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Eutaw Springs / Chepachet
Suamico Class Fleet Oiler:
 "USS Chepachet (AO-78)".
"USS Chepachet (AO-78)".
"USS Chepachet (AO-78)".
"USS Chepachet (AO-78)".
"USS Chepachet (AO-78)", underway in San Francisco Bay after returning in February 1946
from the Pacific for decommissioning.
( Photo thanks to Mike Green )
 "USS Chepachet (AO-78)" in Los Angeles Harbor. Berth 230 and Hammond Lumber Co. in background, 1946.
(Photo Whelan, D. W. / Los Angeles Maritime Museum)
"USS Chepachet (AO-78)".
 "USS Chepachet (AO-78)" at anchor date and location unknown.
( US Navy photo )
 "USS Chepachet (AO-78)" in Portland, Ore., April, 1979.
(Photo Capt. H. H. Calhoun / Los Angeles Maritime Museum)
 "Ocean Energy Converter", ex. "Chepachet", ex. "Eutaw Springs" in North American West Coast waters,
after she was converted for civilian use
( Photo Copyright Reserved )
 "Ocean Energy Converter", ex. "Chepachet", ex. "Eutaw Springs" on a paintig by J. Lee.
(Photo thanks to Cay Small)

History :
Built by Sun Shipbuilding & Dry Dock Co., Chester, Pennsylvania.
Yardnumber 278. UMSC No. 340. Official nr. AO-78
Keel laid 01-11-1942. Launched 10-03-1943. Completed 27-04-1943. GR. 10195 t., Net. 6375 t., Dw. 16613 t. L.o.a. 159,57 m., Br. 20,78 m., Dr. 9,31 m. Engine: 2 steam turbines, manufactured by General Electric Company, Lynn, Massachussetts. 7240 B.h.p., 5401 kW. Speed 15 knots. 26 Tanks.
Launched as EUTAW SPRINGS-1943 for United States War Shipping Administration, Philadelphia, USA..
AO-78 CHEPACHET-1943 Commissioned 27 April, United States Navy, San Francisco, Ca, USA.
AO-78 CHEPACHET-1946 Decommissioned, 15 May 1946, at San Francisco. CA.
T-AO-78 CHEPACHET-1947 Reclassified as a Transport Oiler and placed in service, 1 November 1947 with the Military Sea Transportation Service MSTS as USNS Chepachet (T-AOT-78), operated under contract by American Pacific S.S. Co.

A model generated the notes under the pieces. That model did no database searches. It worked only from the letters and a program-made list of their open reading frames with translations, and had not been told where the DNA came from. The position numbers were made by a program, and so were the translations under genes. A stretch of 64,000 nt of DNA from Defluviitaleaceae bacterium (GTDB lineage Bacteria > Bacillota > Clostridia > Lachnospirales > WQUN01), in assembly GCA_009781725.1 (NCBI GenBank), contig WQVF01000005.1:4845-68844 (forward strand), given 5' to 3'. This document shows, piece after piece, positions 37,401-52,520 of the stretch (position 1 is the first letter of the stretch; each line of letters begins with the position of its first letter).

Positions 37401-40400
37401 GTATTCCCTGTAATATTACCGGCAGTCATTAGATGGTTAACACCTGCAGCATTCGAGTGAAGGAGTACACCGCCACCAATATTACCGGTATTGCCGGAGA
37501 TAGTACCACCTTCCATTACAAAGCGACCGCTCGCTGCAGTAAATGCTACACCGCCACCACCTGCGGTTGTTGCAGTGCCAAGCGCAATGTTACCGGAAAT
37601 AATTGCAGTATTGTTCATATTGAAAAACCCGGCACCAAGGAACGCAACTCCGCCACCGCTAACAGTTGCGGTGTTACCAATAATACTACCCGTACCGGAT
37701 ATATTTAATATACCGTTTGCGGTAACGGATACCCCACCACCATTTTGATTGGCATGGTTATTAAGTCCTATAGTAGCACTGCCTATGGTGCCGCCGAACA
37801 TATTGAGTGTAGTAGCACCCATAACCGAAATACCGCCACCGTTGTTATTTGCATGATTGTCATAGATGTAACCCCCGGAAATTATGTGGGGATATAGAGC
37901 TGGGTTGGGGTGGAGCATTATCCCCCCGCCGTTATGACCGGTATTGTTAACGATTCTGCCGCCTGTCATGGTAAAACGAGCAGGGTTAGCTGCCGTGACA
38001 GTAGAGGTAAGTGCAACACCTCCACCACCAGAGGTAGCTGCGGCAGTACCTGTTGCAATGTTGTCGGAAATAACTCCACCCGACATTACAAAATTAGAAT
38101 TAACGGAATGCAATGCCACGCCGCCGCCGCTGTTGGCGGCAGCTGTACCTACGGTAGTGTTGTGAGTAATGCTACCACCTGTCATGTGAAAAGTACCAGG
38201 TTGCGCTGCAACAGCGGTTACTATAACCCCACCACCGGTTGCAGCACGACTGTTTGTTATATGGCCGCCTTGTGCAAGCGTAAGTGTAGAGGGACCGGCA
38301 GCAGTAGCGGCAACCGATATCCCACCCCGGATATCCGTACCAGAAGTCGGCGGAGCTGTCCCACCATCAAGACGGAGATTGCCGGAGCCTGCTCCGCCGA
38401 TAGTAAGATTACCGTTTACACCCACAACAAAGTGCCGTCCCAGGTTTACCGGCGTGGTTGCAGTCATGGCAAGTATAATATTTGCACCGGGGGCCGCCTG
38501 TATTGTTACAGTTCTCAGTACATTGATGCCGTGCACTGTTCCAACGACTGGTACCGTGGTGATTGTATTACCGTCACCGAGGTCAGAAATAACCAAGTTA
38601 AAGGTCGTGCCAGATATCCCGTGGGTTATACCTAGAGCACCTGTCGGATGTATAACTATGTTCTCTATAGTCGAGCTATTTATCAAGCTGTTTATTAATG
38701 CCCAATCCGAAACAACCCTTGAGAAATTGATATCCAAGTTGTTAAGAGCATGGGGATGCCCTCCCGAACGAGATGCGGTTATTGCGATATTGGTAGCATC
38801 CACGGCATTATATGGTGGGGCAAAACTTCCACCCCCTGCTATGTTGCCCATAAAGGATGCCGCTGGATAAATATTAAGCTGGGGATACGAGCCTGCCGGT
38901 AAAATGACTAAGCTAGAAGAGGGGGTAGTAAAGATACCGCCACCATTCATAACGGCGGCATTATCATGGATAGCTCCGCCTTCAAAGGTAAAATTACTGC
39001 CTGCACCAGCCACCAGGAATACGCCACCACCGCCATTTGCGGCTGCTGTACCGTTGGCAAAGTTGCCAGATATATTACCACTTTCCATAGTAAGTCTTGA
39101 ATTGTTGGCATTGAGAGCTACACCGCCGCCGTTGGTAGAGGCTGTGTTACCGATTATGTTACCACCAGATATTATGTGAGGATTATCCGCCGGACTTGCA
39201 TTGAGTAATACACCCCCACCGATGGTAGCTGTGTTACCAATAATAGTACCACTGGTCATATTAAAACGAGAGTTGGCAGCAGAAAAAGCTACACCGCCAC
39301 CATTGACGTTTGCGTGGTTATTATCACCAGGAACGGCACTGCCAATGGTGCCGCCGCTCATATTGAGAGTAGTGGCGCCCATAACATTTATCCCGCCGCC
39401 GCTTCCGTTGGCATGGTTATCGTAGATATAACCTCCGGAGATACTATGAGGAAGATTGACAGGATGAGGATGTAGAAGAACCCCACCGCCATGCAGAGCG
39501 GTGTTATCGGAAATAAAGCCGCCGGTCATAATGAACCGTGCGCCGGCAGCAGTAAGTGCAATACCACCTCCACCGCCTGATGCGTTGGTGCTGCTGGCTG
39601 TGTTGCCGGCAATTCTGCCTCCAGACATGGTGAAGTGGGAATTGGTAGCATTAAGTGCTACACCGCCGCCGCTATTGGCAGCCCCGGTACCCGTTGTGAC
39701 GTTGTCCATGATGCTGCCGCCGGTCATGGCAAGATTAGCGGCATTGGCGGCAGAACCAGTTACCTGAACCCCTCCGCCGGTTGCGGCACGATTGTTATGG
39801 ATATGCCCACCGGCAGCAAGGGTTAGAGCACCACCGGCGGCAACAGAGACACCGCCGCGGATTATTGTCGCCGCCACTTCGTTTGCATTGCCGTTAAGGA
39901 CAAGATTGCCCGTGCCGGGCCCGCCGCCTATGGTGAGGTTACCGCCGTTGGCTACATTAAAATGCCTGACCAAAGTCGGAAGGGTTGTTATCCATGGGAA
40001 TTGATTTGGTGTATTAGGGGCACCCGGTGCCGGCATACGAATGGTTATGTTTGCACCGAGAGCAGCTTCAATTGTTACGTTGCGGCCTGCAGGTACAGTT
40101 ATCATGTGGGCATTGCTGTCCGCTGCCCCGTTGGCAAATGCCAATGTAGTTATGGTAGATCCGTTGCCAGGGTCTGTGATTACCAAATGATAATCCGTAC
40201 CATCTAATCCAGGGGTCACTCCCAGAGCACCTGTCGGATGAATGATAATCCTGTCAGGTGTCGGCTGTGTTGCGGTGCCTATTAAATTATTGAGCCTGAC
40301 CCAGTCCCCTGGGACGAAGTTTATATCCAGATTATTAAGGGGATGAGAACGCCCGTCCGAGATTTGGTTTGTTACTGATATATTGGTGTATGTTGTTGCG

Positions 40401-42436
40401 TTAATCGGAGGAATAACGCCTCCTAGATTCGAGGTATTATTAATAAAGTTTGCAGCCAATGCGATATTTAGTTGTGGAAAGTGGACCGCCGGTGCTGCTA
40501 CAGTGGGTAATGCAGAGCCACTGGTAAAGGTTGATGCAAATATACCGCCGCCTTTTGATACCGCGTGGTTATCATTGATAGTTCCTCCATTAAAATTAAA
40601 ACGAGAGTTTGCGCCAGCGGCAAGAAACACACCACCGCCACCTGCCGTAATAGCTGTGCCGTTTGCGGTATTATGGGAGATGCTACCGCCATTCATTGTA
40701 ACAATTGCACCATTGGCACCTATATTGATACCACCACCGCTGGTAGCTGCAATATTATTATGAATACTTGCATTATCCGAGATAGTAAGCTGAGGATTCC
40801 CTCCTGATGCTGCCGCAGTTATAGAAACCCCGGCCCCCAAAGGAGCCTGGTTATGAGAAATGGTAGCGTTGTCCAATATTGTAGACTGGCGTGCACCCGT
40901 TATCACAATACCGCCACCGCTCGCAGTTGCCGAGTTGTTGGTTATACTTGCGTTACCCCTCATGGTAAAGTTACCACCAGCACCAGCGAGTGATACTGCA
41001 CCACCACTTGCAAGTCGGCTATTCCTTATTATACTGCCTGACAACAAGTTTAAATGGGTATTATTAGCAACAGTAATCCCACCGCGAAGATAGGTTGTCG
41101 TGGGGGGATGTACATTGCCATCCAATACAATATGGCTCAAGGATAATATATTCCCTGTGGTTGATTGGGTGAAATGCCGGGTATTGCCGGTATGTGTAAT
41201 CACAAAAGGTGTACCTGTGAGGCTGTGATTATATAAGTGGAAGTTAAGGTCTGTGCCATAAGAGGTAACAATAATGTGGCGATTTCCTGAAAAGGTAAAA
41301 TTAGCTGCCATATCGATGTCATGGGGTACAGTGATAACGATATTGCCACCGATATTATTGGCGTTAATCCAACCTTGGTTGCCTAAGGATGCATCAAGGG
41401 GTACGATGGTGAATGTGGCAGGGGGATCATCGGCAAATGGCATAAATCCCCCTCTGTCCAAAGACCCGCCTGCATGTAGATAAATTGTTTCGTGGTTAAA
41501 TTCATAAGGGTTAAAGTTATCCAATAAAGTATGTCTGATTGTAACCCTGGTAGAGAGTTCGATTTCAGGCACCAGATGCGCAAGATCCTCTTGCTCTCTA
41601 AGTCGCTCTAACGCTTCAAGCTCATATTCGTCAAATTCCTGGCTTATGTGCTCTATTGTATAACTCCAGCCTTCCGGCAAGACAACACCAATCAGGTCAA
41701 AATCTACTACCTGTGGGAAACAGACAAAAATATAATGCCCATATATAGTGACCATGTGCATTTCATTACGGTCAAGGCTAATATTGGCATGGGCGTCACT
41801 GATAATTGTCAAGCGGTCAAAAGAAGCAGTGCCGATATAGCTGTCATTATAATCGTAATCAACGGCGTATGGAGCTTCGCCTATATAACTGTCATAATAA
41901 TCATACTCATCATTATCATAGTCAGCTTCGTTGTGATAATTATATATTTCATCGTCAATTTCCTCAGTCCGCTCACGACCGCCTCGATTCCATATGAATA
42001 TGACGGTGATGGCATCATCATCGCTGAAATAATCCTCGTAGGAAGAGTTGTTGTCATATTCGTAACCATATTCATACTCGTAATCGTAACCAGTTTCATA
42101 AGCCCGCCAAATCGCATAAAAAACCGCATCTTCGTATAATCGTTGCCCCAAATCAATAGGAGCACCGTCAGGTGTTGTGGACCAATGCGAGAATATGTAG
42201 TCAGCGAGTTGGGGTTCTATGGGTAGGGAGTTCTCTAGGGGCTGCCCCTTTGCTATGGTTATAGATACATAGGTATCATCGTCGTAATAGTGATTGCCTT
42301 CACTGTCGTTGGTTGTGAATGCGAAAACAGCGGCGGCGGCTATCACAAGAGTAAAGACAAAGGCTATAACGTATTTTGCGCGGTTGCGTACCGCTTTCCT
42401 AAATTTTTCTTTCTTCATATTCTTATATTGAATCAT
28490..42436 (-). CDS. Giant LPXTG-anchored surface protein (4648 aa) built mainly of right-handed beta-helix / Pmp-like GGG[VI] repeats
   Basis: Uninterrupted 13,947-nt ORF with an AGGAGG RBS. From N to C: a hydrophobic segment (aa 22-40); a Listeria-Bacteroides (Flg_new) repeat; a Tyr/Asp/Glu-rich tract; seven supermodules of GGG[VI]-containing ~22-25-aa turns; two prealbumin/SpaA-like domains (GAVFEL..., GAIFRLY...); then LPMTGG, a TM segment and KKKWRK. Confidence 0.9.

T-AO-78 CHEPACHET-1948 Reinstated in the Naval Register, 30 January.
T-AO-78 CHEPACHET-1950 Placed out of service in July.
T-AO-78 CHEPACHET-1950 Laid up in the Maritime Administration (MARAD) National Defense Fleet, Suisun Bay, Benecia, CA.
T-AO-78 CHEPACHET-1972 Title transferred to MARAD), 13 March.
T-AO-78 CHEPACHET-1978 Struck from the Naval Register, 4 January.
T-AOT-78 CHEPACHET-1978 Transferred, leased, to the Department of Energy, 9 November, as a power plant for the Ocean Thermal Energy Conversion Project Honolulu, HI. Renamed S.S. Ocean Energy Converter
Ocean Energy Converter -1982 Transferred to the state of Hawaii in February.
Additional Reports:
Reported Ocean Energy Converter sold to shipbreakers in USA. Arrived breakers yard 1981 to be broken up. [ By Dillingham Corp. ]
Source : St. Petersburg Times, Saturday, November 11th, 1978.

Ship will use ocean's heat to make energy.

BENICIA. Calif. A World War ll vintage oil tanker has left the "moth-ball" fleet for conversion into the world's first electrical generating platform using the thermal energy of the ocean.
  The $25-million project to turn the U.S.S. Chepuchet into a floating power plantwas announced Thursday by the Energy Department.
   Conversion of the aeaworthy tanker. which was mothballed with dozens of liberty ships in the maritime reserve fleet in Suisun Bay, will be performed by a Newport Beech shipbuilding firm for Global Marine Development.
  Ocean thermal energy conversion involves evaporating a low boiling working fluid. such as ammonia, with the heat from warm surface seawater. The resulting vapor will then drive an electricity producing turbine generator.
  In the process. gaseous ammonia is passed through heat exchangers to be cooled by sea water drawn from 2.000 to 3.000 feet below the surface. The cold water condenses the working fluid into a liquid to begin the cycle again.
  Underwater cables will carry the electricity to shore from as far as 200 mil. according to project coordinator Dennis Neely.
  The Chepochet will carry a one megawatt generator and serve primarily as a testing center. Neely said. If the tests are successful. a 40-megawatt generator will be added.
   By the mid-19805, Neely predicted, larger generating units could supply the entire power needs of on island community in such places as Guam, the Philippines and Hawaii.